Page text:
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Reinventing the Ukulele

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Playing chords

Ray plays chords on the banjolele

Ray Huff has used his skills with 3D printers to create musical instruments before. He not only printed, but played, two full-sized 3D printed ukuleles. Even then, he never printed something as imaginative as the hybrid instrument Idea2Product’s lab produced. “It’s called a banjolele,” Ray said of the hybrid banjo ukulele. Ray printed the unique instrument for his nephew, Banjo, who will receive the gift on his birthday.

“People ask if it sounds good, and you can tune it and play a song on it,” Ray said as he played a series of chords on the instrument. “It’s a viable working assembly of parts.” Even though Ray has experience 3D printing playable ukuleles, he explained that the banjo component had more delicate parts that made it harder to produce. “The main body of a ukulele has a hollow base and a hole-like box, but a banjo depends on a strong, thin upper membrane.” Ray pointed out that the majority of that membrane is two layers thick, making it like a drum, which is supported by a hexagon pattern underneath.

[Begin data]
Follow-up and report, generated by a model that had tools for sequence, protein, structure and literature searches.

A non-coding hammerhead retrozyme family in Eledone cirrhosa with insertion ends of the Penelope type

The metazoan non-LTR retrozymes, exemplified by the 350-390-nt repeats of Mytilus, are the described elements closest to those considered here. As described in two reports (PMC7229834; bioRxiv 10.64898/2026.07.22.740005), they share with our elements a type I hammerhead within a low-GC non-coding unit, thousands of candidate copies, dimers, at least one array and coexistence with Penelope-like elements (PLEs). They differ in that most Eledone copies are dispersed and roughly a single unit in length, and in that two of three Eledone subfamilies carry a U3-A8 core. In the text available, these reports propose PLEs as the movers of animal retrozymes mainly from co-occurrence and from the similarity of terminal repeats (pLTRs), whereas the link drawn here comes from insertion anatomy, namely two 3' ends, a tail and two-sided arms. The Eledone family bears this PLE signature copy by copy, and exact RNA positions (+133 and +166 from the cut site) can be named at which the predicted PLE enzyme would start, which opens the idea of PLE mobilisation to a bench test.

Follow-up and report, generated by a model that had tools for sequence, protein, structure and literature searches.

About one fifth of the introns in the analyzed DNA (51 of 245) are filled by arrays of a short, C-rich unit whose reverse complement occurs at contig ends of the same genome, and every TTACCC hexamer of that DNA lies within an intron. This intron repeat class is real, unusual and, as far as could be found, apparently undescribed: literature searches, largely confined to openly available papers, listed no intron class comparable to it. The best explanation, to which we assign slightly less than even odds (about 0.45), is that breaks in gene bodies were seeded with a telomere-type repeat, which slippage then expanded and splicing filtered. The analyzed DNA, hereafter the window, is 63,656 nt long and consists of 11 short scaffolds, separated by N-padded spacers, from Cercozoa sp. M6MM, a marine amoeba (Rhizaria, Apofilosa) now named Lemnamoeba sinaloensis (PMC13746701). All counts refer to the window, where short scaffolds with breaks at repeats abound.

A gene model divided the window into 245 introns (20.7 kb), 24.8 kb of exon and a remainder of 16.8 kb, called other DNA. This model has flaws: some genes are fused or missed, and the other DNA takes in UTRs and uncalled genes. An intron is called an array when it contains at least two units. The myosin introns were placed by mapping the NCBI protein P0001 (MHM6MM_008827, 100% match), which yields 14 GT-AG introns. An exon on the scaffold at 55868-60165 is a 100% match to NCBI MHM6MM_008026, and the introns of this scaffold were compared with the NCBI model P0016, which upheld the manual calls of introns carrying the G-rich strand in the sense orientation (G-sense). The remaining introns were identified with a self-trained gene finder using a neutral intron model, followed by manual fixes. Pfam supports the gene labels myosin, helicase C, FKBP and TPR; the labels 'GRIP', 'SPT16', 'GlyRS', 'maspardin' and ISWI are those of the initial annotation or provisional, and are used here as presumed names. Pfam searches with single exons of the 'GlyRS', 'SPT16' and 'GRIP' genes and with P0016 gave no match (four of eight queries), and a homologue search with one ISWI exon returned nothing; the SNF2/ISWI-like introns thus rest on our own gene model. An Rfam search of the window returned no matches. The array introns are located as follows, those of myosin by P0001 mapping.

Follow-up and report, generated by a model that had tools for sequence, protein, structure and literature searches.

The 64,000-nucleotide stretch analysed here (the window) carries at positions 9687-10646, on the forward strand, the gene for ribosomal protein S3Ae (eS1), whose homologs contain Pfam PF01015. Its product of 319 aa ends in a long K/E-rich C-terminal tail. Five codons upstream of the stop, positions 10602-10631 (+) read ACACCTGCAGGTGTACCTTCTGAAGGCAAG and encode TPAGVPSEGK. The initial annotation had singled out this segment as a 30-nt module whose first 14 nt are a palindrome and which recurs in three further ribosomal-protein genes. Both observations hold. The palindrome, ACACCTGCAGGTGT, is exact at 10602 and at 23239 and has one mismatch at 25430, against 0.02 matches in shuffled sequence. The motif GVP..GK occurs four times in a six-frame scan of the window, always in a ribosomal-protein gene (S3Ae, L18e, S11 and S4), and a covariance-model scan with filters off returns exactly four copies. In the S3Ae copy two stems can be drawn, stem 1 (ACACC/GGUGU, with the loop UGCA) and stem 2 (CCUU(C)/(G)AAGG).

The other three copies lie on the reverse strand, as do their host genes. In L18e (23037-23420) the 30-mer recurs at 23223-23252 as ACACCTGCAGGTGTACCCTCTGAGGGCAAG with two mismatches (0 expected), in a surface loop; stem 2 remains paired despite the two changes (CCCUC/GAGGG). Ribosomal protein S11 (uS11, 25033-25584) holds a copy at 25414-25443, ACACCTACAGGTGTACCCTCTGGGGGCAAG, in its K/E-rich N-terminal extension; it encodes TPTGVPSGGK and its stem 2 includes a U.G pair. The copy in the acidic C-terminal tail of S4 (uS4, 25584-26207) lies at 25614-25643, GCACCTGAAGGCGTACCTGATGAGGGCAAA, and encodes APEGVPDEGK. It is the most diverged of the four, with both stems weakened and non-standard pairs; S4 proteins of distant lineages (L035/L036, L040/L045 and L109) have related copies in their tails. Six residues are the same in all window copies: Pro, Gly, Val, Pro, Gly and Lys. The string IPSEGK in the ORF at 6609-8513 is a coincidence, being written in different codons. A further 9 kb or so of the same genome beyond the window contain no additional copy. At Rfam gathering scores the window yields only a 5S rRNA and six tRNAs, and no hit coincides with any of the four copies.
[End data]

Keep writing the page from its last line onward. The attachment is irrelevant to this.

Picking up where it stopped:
Ray's 3D printed hybrid banjolele

Ray’s 3D printed hybrid banjolele

The drum allows the instrument to sing. Ray adjusted the four tuners along the top of the instrument, which were also printed at Idea2Product. “It has friction tuners, and I actually used two different materials to get the friction right.” Ray explained that if he had pressed two similar materials together, they would stick and prevent the tuners from moving sensitively. The two materials allow for fine, gentle tuning without sticking. The strings themselves were the only part of the instrument not printed at Idea2Product. “I have attempted to extrude nylon strings, but I would need four different sized nozzles, and the strings would need to stretch to be strong, like fishing line,” Ray said.

As Ray finished his song on the banjolele, he thought of his nephew. “He’s just turning one year old, so this will be special.”